Death on the Cherwell (1935): Mavis Doriel Hay


Sally Watson, Daphne Loveridge, Gwyneth Pane and Nina Harson meet on the roof of their Oxford college boathouse to swear foundation oaths for a new society, the Lode League. Their purpose is to stand against the pernicious influence of Persephone College’s hated Bursar and to do everything in their power to repay her for some of the misery she inflicts on the poor students. But, as they share out wire rings to mark themselves as members of this noble enterprise, something happens that they could never have expected. Down the river in the twilight comes a canoe, nosing its way along the bank; and in the canoe lies the figure of the Bursar herself; and the Bursar, when the girls manage to hook in the canoe with a punting pole and paddles, is definitely and unequivocally dead.

Undergraduates, especially those in their first year, are not, of course, quite sane or quite adult. It is sometimes considered that they are not quite human.

The four girls, struck by the solemnity of their discovery, decide that the Bursar must have been murdered and resolve to find the culprit. They have rivals in detection, of course. There’s Inspector Wythe, the superintendent of the Oxford police force, and Detective-Inspector Braydon of Scotland Yard, but the girls know Oxford far better, they’re sure, than these plodding policemen ever will. And, for his part, when he becomes aware of the competition, Braydon is secretly quite willing to let them get on with it, just for the interest of seeing what they do discover – as long as they don’t go round messing up crime scenes, of course.

As the girls of Persephone dig deeper into the events of that grim afternoon, they find themselves swamped with a spiralling mass of questions. Who could have hated the Bursar enough to really, truly want her dead? Could it have been something to do with the sinister, misogynist Mr Lond, who owns the house next to the college and has been fighting against the Bursar’s use of an allegedly public footpath across his land? Or could it be linked to the local landowner who tried, and failed to persuade the Bursar to buy some of his land for an extension to the College? How did the Bursar actually die, and when? And, the crucial question, where? Why has the Bursar always been so mysterious about her niece Pamela, who has been so diligently kept away from Oxford that the poor thing’s been forced to end up studying at Cambridge, of all places? Why are boys from the nearby college of St Simeon’s creeping around the grounds of Persephone after dark, and why is the girls’ temperamental Eastern European friend, Draga Czernak, having long, agitated conversations in Serbian over the telephone? There are mysteries here and, with pluck and determination – and a little help from Sally’s sister Betty Pongleton and her husband Basil -the girls of Persephone are sure they can iron them out.

I was drawn to this because it was published in 1935 and, although I don’t read many crime novels, I was attracted by the nostalgic Oxford setting. In the end, it was quite different to what I thought it would be like, and I actually enjoyed it more because of that: it was spiced with hints of old-fashioned girls’ school fiction: Inspector Morse by way of Malory Towers, perhaps. It’s just gruesome enough to be deliciously shocking, and just convoluted enough to tease you with red herrings, but the solution to some of the mysteries – if not, perhaps, the exact sequence of events – are clear from a relatively early point. But it’s good, wholesome fun, if one can say that about a murder mystery, full of earnest questions about how fast one can row a canoe from one college to another, and the kind of red-cheeked, jolly-hockey-sticks spirit that I’ve always found rather endearing.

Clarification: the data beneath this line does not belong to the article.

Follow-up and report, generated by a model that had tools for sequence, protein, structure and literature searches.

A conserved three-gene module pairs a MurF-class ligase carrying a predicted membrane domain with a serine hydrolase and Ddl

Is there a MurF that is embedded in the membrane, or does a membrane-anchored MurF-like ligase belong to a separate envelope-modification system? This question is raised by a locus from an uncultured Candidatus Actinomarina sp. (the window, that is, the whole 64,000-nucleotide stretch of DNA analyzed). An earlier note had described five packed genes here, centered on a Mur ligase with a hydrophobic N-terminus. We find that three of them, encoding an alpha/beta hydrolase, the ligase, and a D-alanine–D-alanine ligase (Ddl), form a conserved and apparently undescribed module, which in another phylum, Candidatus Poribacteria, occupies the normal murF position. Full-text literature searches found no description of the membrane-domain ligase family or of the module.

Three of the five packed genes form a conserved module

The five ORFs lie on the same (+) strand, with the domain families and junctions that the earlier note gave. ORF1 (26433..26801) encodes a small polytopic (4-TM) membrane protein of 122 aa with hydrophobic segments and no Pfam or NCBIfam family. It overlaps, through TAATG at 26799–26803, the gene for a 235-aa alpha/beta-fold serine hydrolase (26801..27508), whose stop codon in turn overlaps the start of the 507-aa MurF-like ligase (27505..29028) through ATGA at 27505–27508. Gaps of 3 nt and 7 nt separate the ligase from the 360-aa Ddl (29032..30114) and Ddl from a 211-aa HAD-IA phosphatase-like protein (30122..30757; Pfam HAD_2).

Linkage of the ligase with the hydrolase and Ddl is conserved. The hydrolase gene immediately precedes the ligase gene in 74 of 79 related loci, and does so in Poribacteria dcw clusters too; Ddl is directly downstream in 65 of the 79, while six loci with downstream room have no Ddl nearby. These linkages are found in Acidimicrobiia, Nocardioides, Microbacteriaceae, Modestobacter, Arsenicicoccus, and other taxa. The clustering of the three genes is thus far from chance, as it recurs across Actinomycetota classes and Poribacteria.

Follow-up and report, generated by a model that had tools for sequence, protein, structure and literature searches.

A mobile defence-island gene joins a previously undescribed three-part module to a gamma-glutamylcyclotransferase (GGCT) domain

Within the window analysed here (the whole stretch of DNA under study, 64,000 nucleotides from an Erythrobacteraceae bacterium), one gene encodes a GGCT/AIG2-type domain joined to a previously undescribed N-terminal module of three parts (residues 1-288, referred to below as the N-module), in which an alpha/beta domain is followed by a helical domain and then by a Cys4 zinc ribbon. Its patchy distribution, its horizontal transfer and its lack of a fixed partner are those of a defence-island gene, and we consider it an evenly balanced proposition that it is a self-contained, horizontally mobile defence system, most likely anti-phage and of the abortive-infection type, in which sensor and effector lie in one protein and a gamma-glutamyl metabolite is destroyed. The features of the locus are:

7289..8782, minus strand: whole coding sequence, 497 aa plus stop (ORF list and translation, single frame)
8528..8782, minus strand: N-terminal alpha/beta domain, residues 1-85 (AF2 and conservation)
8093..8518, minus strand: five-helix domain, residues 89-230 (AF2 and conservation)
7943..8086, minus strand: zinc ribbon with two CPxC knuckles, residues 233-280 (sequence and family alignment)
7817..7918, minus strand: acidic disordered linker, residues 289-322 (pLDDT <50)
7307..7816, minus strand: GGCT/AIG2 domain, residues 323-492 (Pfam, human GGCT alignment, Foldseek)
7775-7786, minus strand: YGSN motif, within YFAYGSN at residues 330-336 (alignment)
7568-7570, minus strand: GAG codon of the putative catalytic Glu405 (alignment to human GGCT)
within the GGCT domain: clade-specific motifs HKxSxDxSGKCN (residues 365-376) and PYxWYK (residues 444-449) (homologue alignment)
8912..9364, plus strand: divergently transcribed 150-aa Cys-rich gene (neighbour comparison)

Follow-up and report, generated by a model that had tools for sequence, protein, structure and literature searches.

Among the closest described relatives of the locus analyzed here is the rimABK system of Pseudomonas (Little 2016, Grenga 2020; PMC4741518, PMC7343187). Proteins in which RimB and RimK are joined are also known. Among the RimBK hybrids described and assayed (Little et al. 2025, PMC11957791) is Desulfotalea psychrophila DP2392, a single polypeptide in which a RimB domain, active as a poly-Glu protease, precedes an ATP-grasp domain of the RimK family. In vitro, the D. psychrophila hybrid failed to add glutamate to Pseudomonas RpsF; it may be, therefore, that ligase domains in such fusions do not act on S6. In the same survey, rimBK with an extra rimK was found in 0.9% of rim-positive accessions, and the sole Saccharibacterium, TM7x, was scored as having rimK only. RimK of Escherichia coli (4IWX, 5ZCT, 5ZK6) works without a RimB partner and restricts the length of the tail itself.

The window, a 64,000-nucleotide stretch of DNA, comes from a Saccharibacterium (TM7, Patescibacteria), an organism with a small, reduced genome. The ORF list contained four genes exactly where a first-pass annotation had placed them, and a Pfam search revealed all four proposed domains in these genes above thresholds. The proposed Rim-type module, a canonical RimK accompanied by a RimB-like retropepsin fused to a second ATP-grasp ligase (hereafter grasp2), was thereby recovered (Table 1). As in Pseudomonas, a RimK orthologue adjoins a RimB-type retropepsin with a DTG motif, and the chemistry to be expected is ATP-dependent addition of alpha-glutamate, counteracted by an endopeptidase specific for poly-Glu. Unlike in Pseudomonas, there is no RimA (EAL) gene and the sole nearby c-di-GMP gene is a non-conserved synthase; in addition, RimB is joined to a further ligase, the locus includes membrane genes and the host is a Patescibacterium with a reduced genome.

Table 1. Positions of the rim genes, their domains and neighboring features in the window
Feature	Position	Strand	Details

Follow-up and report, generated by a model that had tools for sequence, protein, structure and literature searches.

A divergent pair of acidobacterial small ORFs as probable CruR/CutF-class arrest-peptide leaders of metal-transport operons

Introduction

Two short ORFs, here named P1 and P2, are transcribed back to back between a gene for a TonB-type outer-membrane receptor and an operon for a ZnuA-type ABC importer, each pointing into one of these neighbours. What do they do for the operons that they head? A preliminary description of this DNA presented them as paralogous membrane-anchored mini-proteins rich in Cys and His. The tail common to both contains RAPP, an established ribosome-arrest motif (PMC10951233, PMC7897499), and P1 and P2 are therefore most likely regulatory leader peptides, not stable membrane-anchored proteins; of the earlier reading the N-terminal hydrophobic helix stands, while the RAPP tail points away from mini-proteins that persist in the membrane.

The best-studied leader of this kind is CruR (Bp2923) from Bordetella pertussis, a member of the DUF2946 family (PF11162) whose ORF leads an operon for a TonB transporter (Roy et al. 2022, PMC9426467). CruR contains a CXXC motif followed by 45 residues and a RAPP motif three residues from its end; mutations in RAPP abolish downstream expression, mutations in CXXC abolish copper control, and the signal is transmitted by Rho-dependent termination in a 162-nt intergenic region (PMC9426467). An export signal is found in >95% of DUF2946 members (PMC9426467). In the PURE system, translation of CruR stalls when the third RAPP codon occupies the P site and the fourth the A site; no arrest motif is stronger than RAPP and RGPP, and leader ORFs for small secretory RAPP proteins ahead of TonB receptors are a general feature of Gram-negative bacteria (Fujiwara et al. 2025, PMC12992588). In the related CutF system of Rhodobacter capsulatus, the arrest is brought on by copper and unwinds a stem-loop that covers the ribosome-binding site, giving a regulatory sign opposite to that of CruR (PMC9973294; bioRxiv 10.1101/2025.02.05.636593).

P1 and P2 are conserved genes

This is apparently one of only three novels written by Hay, and it presumably has an element of lived experience in its descriptions of a women’s college. Hay herself was at St Hilda’s – the thinly-veiled prototype for her fictional Persephone – between 1913 and 1916, at a date when women weren’t even allowed to take degrees, and her novel is shot through with little glimpses of how frustrating it was to be an academic woman at this time, from the patronising reports about ‘undergraduettes’ in the papers, to the more vicious misogyny of the half-cracked Lond in his rambling old house. It’s noticeable that the ‘good guys’, whether that’s Braydon, Sally’s long suffering brother-in-law Basil, or the boys at St Sim’s, have slightly more respect for the female of the species, even if they don’t necessarily understand her all that well.

Hard-boiled readers of thrillers and the nastier kinds of modern Scandinavian murders might find this a little too quaint for their palates, it’s true, but I rather liked its old-world innocence. It preserves a vanished society (and in some ways, it’s good that it’s vanished): tutors must come to teach at Persephone, as it wouldn’t be proper for a girl to go to a men’s college; all colleges are, of course, single-sex; girls and boys mix only when the boys take the girls out for lunch or tea; and the girls must always be sure to get home to college in time to dress for dinner. Despite the whodunnit at its core, it’s a light, undemanding vintage tale and just the thing, perhaps, for a lazy afternoon in the park (or beside the river!).

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4 thoughts on “Death on the Cherwell (1935): Mavis Doriel Hay

    • The Idle Woman says:

      Let me know if you decide to read it! I’d be interested to know how it compares to the other mysteries they’ve been bringing out. If the others are similar in spirit, I might be persuaded to dip my toe into more vintage thrillers!

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